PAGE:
In many of the towns and villages I visited on my Côte d’Azur tour, the main reason was to find out where a film or TV series had been made. With Saint-Paul de Vence, I discovered where the actors stayed while making those films and TV series.
Names such as Orson Welles, Charlie Chaplin, Michael Caine and Kirk Douglas have all been linked to the legendary Colombe d’Or hotel and restaurant, a place where they can wind down after a day of filming or escape the crowds at Cannes.
The building became a favourite of local artists – including Picasso and Matisse – from the 1920s. The story goes that when they couldn’t pay their bills they’d offer their paintings in return, ensuring the restaurant’s walls are lined with some rare works of art.
As the French Riviera became more synonymous with filmmaking so the Colombe d’Or began to make an impression on the rich and powerful. Over the years the restaurant has welcomed 100s of film stars through its doors and yet it doesn’t feel overly exclusive thanks to its welcoming staff.
The Colombe d’Or was where actors Yves Montand (Jean de Florette) and Simone Signoret (Room at the Top) first met in 1949, before getting married in Saint-Paul de Vence two years later. Scenes from Mervyn LeRoy’s 1965 film, Moment to Moment, were shot on the terrace of the Colombe d’Or.
Assuming the restaurant isn’t fully booked, passers-by can stop by for a meal and there’s a chance they’ll rub shoulders with movie royalty, though I didn’t spot 007 eating any foie gras in the courtyard during my visit.
Just a few steps away from the Colombe d’Or is the famous Place de Gaulle, where locals play the French pastime of boules throughout the day. The Café de la Place is right beside it.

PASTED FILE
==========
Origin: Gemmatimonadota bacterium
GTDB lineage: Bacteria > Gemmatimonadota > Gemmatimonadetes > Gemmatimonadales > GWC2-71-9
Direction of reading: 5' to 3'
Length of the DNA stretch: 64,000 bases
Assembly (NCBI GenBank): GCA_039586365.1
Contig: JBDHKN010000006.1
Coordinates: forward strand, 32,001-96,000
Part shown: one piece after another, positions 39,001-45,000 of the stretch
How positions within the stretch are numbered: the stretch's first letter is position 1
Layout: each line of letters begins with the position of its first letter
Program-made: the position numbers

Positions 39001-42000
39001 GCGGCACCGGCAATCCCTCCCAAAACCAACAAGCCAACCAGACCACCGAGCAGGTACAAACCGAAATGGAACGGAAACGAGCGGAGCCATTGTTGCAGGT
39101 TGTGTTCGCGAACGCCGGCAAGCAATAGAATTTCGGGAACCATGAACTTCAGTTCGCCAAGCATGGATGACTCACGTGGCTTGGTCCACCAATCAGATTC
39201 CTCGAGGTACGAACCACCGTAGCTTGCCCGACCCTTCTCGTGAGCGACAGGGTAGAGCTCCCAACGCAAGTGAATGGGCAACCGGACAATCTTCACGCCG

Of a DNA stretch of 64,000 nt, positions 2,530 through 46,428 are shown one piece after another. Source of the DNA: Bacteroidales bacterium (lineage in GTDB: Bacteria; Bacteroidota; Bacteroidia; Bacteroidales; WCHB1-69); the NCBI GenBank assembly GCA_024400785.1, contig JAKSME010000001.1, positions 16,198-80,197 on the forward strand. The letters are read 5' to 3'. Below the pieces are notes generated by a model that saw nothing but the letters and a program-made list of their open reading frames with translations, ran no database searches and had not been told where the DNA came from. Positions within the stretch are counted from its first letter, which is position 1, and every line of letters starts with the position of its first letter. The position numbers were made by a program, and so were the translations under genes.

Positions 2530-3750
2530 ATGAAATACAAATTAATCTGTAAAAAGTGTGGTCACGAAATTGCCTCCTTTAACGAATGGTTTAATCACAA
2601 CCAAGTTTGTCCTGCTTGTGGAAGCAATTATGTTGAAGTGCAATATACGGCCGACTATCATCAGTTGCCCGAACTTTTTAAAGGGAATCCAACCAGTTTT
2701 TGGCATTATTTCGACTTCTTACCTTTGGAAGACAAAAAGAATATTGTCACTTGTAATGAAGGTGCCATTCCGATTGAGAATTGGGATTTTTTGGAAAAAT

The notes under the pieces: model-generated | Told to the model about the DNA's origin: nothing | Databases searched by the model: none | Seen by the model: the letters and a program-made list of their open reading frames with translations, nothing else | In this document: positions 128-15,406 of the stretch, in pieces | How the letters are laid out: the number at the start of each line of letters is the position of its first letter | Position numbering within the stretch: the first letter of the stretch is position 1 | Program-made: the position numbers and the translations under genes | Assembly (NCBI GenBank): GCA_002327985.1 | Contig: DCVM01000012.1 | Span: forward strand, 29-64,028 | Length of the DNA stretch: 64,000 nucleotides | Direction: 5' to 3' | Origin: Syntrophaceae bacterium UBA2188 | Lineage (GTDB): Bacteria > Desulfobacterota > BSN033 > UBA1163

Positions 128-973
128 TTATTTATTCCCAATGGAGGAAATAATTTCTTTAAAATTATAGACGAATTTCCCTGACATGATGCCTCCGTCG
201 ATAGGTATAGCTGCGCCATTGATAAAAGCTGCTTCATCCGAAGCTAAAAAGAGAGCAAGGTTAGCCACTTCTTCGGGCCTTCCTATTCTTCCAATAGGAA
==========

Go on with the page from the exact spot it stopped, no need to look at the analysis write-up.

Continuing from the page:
While most of the time you’re likely to see small groups of Saint-Paul residents in the Place de Gaulle, I did hear that celebrities from the Colombe d’Or have been know to stop by for a game. Roger Moore and Tony Curtis are rumoured to have played while shooting The Persuaders! in the 1970s.
Billy Zane’s 2004 film, Big Kiss, was partly shot in the Place, as he stops for a drink at the Café de la Place.
The village almost became part of Alfred Hitchcock’s To Catch a Thief (1955), which I’ve mentioned at length elsewhere on this blog. While looking for a location to shoot the graveyard sequence, Hitchcock approached the mayor of Saint-Paul de Vence for permission, only to be turned away. The scene was eventually shot a few miles away at Cagnes-sur-Mer.
As I took a walk around the village I found it has retained all of its charm over the years, the small lanes winding up a hill flanked on either side by pretty houses and other buildings.
After stopping for lunch at the excellent Le Tilleul Menthe restaurant, I passed through the Place de la Grande Fontaine (see bottom right photo), used in 1965’s Moment to Moment.
Saint-Paul de Vence also holds on to its artistic connections with a number of art shops selling paintings, sculptures, jewellery and more to eager tourists.
Don’t miss the Maeght Foundation, located close to the old village, is devoted to modern art. The Foundation will celebrate its 50th anniversary in 2014.
Château Saint-Martin & Spa
Near Saint-Paul de Vence is the famous Château Saint-Martin & Spa, a place for the famous – and not-so-famous – to escape from the real world in a hotel built on the ruins of a 12th Century Templar outpost.
Although I didn’t manage to get inside on this visit, I was reliably informed that some of its former guests include Brad Pitt and Angelina Jolie, who are well known fans of the Côte d’Azur.
Visiting Saint-Paul de Vence
The Côte d ‘Azur, within three hours of over 30 European destinations, offers a wide range of themed stays all year round. With France’s second airport, Nice Côte d’Azur International Airport, the French Riviera is within reach of over 33 countries, 103 destinations and served by 56 airlines.
Saint-Paul de Vence is located approximately 19 kilometres from the town of Nice. Visit the local tourist office at www.saint-pauldevence.com.
View larger map
Top image and La Colombe d’Or photo, © Office de Tourisme de Saint-Paul de Vence – Photographe : Elisabeth Rossolin
Michael Caine/Roger Moore photo and Moment to Moment photo: © Office de Tourisme de Saint-Paul de Vence – Photo Jacques Gomot
Maeght Foundation photo © Archives Fondation Maeght